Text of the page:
Celebrated as “the last of the great white male” American authors of the 20th Century, Philip Roth has died at the age of 85.
Rather than devote pages (or pixels, as may more accurately be the case) to an obituary recounting the same great feats of an author who has towered over the US literary scene for decades, we have endeavoured to find and bring to you short stories, as well as one excellent piece of non-fiction, written by the man himself.
All the following texts are available online for free.
If one should compare the light of day to the life of man: sunrise to birth; sunset—the dropping down over the edge— to death; then as Ozzie Freedman wiggled through the trapdoor of the synagogue roof, his feet kicking backwards bronco-style at Rabbi Binder’s outstretched arms-at that moment the day was fifty years old. As a rule, fifty or fifty-five reflects accurately the age of late afternoons in
November, for it is in that month, during those hours, that one’s awareness of light seems no longer a matter of seeing, but of hearing: light begins clicking away. In fact, as Ozzie locked shut the trapdoor in the rabbi’s face, the sharp click of the bolt into the lock might momentarily have been mistaken for the sound of the heavier gray that had just throbbed through the sky.
Long ago, someone had taught Grossbart the sad rule that only lies can get the truth. Not that I couldn’t believe in the fact of Halpern’s crying; his eyes alwaysseemed red-rimmed. But, fact or not, it became a lie when Grossbart uttered it. He was entirely strategic. But then—it came with the force of indictment—so was I! There are strategies of aggression, but there are strategies of retreat as well. And so, recognizing that I myself had not been without craft and guile, I told him what I knew. “It is the Pacific.”
He let out a small gasp, which was not a lie. “I’ll tell him. I wish it was otherwise.”
“So do I.”
He jumped on my words. “You mean you think you could do something? A change, maybe?”
“No, I couldn’t do a thing.”
“Don’t you know anybody over at C. and A.?”
“Grossbart, there’s nothing I can do,” I said. “If your orders are for the Pacific, then it’s the Pacific.”
“Mickey, you, me—everybody, Grossbart. There’s nothing to be done. Maybe the war’ll end before you go. Pray for a miracle.”
“Good night, Grossbart.” I settled back, and was relieved to feel the springs unbend as Grossbart rose to leave. I could see him clearly now; his jaw had dropped, and he looked like a dazed prizefighter. I noticed for the first time a little paper bag in his hand.
“Grossbart.” I smiled. “My gift?”
“Oh, yes, Sergeant. Here—from all of us.” He handed me the bag. “It’s egg roll.”
“Egg roll?” I accepted the bag and felt a damp grease spot on the bottom. I opened it, sure that Grossbart was joking.
“We thought you’d probably like it. You know—Chinese egg roll. We thought you’d probably have a taste for—”
“Your aunt served egg roll?”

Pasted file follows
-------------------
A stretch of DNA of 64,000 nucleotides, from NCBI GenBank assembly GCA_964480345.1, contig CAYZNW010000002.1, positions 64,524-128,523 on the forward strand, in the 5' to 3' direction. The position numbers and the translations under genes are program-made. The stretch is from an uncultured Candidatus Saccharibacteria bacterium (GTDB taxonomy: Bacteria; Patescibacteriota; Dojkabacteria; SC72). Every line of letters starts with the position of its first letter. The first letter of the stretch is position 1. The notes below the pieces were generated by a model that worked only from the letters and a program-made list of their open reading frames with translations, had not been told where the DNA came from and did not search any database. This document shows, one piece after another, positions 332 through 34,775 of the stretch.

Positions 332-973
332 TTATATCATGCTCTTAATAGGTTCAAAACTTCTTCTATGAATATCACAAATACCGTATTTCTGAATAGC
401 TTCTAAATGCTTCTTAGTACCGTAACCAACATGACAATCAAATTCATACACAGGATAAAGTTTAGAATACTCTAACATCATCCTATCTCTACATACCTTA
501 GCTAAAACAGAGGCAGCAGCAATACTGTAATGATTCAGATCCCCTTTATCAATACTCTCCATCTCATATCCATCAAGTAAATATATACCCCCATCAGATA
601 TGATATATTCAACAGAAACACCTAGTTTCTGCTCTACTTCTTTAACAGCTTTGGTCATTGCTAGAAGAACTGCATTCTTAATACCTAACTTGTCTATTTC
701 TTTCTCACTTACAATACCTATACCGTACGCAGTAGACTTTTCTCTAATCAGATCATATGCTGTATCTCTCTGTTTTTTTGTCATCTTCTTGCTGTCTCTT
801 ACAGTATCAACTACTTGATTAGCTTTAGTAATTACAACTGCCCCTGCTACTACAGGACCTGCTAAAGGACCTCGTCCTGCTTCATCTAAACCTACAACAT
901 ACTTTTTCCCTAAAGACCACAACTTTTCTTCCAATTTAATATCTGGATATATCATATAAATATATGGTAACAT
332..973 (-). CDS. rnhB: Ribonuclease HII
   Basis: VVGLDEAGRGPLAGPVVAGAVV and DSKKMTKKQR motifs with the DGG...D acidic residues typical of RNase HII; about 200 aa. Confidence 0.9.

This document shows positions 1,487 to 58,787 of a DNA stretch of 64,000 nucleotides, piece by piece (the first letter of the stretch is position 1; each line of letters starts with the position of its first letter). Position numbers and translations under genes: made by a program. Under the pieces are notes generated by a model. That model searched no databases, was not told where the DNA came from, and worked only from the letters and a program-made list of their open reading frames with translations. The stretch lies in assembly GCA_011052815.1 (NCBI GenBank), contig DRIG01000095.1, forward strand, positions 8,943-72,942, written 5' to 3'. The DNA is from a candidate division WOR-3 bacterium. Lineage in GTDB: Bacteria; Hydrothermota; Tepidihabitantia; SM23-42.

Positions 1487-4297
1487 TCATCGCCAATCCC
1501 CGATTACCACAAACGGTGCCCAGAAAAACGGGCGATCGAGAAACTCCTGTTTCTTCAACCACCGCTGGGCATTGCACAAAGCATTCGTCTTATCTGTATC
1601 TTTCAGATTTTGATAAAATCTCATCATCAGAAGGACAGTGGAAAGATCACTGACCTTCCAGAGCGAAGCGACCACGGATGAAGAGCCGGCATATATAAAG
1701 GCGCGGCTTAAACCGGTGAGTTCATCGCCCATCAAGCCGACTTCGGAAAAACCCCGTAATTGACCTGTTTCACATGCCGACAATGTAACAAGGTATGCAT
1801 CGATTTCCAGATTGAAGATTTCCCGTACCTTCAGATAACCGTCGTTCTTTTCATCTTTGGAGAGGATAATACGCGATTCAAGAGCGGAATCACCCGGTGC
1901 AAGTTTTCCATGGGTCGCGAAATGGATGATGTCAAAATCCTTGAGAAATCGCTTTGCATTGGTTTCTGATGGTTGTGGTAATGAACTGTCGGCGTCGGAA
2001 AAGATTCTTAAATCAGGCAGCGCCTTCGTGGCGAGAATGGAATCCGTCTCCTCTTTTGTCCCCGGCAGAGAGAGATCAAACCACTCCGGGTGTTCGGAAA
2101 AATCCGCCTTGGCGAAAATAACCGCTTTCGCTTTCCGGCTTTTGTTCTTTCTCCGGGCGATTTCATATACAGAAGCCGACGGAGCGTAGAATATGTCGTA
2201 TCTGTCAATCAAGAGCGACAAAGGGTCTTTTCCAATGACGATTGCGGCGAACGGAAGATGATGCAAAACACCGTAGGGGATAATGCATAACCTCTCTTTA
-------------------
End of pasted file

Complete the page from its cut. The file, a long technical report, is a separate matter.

“She wasn’t home.”
“Grossbart, she invited you. You told me she invited you and your friends.”
“I know,” he said. “I just reread the letter. Next week.”
I got out of bed and walked to the window. “Grossbart,” I said. But I was not calling to him.
“What are you, Grossbart? Honest to God, what are you?”
I think it was the first time I’d asked him a question for which he didn’t have an immediate answer.
“How can you do this to people?” I went on.
“Sergeant, the day away did us all a world of good. Fishbein, you should see him, he loves Chinese food.”
“But the Seder,” I said.
“We took second best, Sergeant.”
Rage came charging at me. I didn’t sidestep. “Grossbart, you’re a liar!” I said. “You’re a schemer and a crook. You’ve got no respect for anything. Nothing at all. Not for me, for the truth—not even for poor Halpern! You use us all—”
“Sergeant, Sergeant, I feel for Mickey. Honest to God, I do. I love Mickey. I try—”
“You try! You feel!” I lurched toward him and grabbed his shirt front. I shook him furiously. “Grossbart, get out! Get out and stay the hell away from me. Because if I see you, I’ll make your life miserable You understand that?”
I let him free, and when he walked from the room, I wanted to spit on the floor where he had stood. I couldn’t stop the fury. It engulfed me, owned me, till it seemed I could only rid myself of it with tears or an act of violence. I snatched from the bed the bag Grossbart had given me and, with all my strength, threw it out the window. And the next morning, as the men policed the area around the barracks, I heard a great cry go up from one of the trainees, who had been anticipating only his morning handful of cigarette butts and candy wrappers. “Egg roll!” he shouted. “Holy Christ, Chinese goddam egg roll!”
Novel writing is for the novelist a game of let’s pretend. Like most every other novelist I know, once I had what Henry James called “the germ”—in this case, Mel Tumin’s story of muddleheadedness at Princeton—I proceeded to pretend and to invent Faunia Farley; Les Farley; Coleman Silk; Coleman’s family background; the girlfriends of his youth; his brief professional career as a boxer; the college where he rises to be a dean; his colleagues both hostile and sympathetic; his field of study; his bedeviled wife; his children both hostile and sympathetic; his schoolteacher sister, Ernestine, who is his strongest judge at the conclusion of the book; his angry, disapproving brother; and five thousand more of those biographical bits and pieces that taken together form the fictional character at the center of a novel.